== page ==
Bernard Hepton played Toby Esterhase. Hywel Bennett played Ricki Tarr. Terence Rigby played Roy Bland. Ian Bannen played Jim Prideaux. Michael Aldridge played Percy Alleline.

Alec Sabin played Fawn. Alexander Knox played Control. Duncan Jones played Roach. Daniel Beecher played Spikely.

An uncredited Patrick Stewart played Karla (aka "Gastman").

John Irvin directed the seven-episode mini-series, from a screenplay by Arthur Hopcraft.


A theatrical remake of the 1979 mini-series is scheduled for stateside release on November 18, 2011.

Gary Oldman played George Smiley. Mark Strong played Jim Prideaux. Tom Hardy played Ricki Tarr. Benedict Cumberbatch played Peter Guillam. Kathy Burke played Connie Sachs. David Dencik played Esterhase.

Katrina Vasilieva played Ann Smiley.

Colin Firth is listed in the film credits, but there's no character name attached to his role. Such is the case for Ciarán Hinds, also.

The film was directed by Tomas Alfredson, from a script by Bridget O'Connor and Peter Straughan.

Monday, May 16, 2011

**Several of Dani Harris' pieces were published on the Photo Prose site, March - May 2011

Dani Harris, whose prose-poetic story, Camellia, graced the Microstory A Week site last week, has had several other pieces - two stories and a poem - published on the Photograph Prose site recently.

Here's the links:

A Member of the Family


Please Exit

Sirens, by Eric Van Lustbader

(pb; 1981)

From the back cover:

"Daina Whitney is on the verge of winning an Oscar for her role in a controversial terror film. Suddenly, she finds her private life invaded by a nightmare that matches the script.

"From the shadowy corners of Manhattan to the glitter of Beverly Hills, Sirens unfolds a world of sex, passion and drugs -- a world where violence is the very essence of life, and power is the ultimate aphrodisiac."


Sirens is a noir-propulsive pot-boiler of a novel, with its hyper-intense descriptions, emotionally-agitative, perpetually sexual tone and its manipulative, often relatable characters.

Sleazy, violent, masterfully convoluted read from an excellent writer - worth checking out.

Friday, May 13, 2011

Modesty Blaise: The Gabriel Set-Up, by Peter O'Donnell & Jim Holdaway

(pb - graphic novel; compiled and republished in 2004. First book in the Modesty Blaise graphic novel series)

From the back cover:

"Adventurer, spy, smuggler, racketeer and all-around bad girl -- that's Modesty Blaise! The cult creation of best-selling author Peter O'Donnell returns in this fantastic collection of rare and classic newspaper strips from the Evening Standard, the first volume in a new Modesty Blaise library!

"With her trusted right-hand man Willie Garvin and the underworld resources of the 'The Network' on tap, Modesty takes on the skilled killers of La Machine and battles to destroy a coven of blackmailers, proving once and for all that the female of the species is deadlier than the male."


The comic strip, which ran from 1963 to 1986 in various global newspapers, and spawned fourteen novels and two movies gets republished for the first time in many years: each chapter was written, illustrated and published as a three-frame newspaper comic strip, making this at once an enjoyably archaic and fresh read, separating it from most other graphic novels out there.

Fans of Sixties spy films, television series and books (Ian Fleming's fourteen-book 007/James Bond series, the Flint films, etc.) will likely appreciate the plot-twisty, action-packed stories contained in these Modesty volumes.

This well-drawn, well-written volume contains two thoughtful, well-researched introductions ("Blaise of Glory" by Mike Paterson and "Girl Walking", where Modesty creator/author Peter O'Donnell explains where the real-life impetus for Modesty originated); it also contains the stories: "La Machine", "The Long Lever" and The Gabriel Set-Up". Each story also gets a brief, half-page introduction from O'Donnell, where he reveals tidbits about the creation of each story.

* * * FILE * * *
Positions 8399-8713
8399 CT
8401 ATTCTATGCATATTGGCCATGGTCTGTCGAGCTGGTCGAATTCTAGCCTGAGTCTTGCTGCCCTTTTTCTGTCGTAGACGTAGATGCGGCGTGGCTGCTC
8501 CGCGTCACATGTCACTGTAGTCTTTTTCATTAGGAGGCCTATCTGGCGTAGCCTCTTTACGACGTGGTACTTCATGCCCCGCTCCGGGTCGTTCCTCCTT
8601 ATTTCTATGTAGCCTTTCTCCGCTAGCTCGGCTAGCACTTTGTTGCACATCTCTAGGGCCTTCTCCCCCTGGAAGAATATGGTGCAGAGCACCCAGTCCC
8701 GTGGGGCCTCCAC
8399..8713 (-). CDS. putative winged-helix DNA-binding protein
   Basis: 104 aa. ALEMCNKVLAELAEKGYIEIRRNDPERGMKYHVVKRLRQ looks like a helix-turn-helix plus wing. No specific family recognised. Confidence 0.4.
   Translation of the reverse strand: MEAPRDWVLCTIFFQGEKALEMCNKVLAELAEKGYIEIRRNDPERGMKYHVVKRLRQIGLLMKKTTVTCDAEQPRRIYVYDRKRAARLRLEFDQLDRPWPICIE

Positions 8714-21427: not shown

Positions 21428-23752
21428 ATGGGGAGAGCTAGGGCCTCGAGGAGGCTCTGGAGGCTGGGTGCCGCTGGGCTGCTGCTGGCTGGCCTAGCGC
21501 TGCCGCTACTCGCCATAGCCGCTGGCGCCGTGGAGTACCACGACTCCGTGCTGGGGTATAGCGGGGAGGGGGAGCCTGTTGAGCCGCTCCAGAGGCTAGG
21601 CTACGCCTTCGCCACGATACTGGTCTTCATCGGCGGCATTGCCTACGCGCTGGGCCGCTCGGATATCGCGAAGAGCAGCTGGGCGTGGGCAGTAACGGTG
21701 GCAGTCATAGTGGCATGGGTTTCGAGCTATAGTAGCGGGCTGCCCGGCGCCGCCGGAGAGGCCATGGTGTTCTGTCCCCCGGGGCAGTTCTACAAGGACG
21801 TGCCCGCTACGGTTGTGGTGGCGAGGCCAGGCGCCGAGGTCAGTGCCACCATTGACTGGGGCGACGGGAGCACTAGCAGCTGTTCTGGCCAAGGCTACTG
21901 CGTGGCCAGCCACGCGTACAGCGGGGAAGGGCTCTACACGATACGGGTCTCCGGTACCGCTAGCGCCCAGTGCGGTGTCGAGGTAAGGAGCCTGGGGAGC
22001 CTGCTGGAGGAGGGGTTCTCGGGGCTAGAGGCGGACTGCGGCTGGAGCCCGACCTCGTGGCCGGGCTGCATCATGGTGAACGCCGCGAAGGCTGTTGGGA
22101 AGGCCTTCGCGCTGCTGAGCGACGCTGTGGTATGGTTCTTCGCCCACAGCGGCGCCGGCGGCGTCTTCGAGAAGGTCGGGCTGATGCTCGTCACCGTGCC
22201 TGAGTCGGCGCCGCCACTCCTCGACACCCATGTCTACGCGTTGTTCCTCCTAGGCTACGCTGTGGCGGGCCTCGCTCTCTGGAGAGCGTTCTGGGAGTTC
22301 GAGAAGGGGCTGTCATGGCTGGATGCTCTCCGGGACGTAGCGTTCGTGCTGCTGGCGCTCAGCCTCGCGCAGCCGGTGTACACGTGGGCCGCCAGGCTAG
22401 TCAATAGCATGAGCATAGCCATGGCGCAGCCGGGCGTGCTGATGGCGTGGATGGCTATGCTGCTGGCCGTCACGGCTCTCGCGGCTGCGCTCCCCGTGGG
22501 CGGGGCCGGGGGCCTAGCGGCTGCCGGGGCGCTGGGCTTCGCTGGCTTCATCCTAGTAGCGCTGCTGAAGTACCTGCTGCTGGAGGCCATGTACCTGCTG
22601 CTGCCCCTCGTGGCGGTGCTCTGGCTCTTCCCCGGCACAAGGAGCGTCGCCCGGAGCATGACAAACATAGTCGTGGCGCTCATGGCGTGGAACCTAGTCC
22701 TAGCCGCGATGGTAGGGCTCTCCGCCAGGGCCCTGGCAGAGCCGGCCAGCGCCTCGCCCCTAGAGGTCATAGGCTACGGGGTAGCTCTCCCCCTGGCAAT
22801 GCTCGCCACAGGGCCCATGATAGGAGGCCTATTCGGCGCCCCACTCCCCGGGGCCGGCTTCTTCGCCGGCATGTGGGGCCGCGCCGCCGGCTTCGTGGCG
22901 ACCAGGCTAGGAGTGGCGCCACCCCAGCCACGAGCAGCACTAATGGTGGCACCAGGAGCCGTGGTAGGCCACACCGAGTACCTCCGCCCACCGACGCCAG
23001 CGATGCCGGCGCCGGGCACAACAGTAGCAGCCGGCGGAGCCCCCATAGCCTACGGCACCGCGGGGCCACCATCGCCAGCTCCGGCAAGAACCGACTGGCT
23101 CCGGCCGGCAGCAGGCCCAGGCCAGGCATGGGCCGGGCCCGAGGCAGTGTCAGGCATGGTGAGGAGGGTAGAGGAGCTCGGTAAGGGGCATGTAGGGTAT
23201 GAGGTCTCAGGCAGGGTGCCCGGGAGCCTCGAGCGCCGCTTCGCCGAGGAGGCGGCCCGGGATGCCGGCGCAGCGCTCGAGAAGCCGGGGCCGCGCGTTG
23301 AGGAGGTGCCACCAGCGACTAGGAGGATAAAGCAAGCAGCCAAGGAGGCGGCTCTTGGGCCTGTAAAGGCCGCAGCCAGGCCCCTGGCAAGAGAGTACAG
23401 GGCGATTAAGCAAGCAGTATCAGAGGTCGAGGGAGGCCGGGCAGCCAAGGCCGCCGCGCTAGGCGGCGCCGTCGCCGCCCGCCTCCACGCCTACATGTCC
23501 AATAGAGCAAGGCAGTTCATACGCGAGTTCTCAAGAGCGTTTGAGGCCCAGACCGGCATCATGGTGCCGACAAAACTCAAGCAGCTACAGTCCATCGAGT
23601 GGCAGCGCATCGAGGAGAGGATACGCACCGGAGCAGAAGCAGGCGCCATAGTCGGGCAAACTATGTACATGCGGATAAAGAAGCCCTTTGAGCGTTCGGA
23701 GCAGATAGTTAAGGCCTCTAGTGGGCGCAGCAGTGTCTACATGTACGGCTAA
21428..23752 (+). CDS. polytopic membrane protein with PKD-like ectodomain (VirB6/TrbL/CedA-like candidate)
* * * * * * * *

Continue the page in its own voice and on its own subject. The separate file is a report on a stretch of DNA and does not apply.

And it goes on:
Worth owning, this.

Followed by Modesty Blaise: Mister Sun.

Wednesday, May 11, 2011

**Dani Harris' Camellia published on the Microstory A Week site

A new story is up on the Microstory A Week site.

Dani Harris penned this week's story, Camellia, a sensual, mood-suffusive, prose-poetic work.

Be sure to check this story out, maybe even comment on it, if you're so inclined. =)

I am in serious need of new stories for the Microstory site, if you or anyone you know is looking to get published somewhere other than their blogs. Here's the guidelines.

Tuesday, May 10, 2011

The Adventures of Lord Iffy Boatrace, by Bruce Dickinson

(pb; 1990, 1992: prequel to The Missionary Position)

From the back cover:

"When the ancestral fortune dries up, there's only one solution for Lord Iffy Boatrace, destitute, transvestite Laird of Findidnann, and his faithful butler, Butler. A wheeze to squeeze every last drop of cash out of those old school chums who'd done everything they could to forget him. . .

"Come in Brian Taylor and your voluptuous, insatiable wife; yucky yuppy perfect couple Mark and Cynthia; bumbling beefcake bozo Roderick Morte D' Arthur Tennison!

"Upper class twits, the lot of them. Ripe for the picking. And drawn by the short and curlies to Findidnann Hall. . ."


This manic-paced, audaciously lusty and zany-literate sex romp is one of the funniest books I've ever read; there are so many off-color quotable lines that I was laughing at pretty much every page of this 150-page novel.

Politically correct folk will want to avoid this out of print book, which sports a Sir Arthur Conan Doyle/The Hound of the Baskervilles plot structure: Boatrace unabashedly and pithily skewers music critics, English aristocracy, feminists, racial stereotypes, vegetarianism, and other social elements.

While reading this, I imagined this as A Shot in the Dark-era Blake Edwards film (whose screenplay was co-authored by William Peter Blatty): this book is that erudite and uproarious.

Worth owning, if you appreciate raunchy, quick-witted and -plotted humor, and/or Dickinson's heavy metal endeavors.

Followed by The Missionary Position.

Monday, May 09, 2011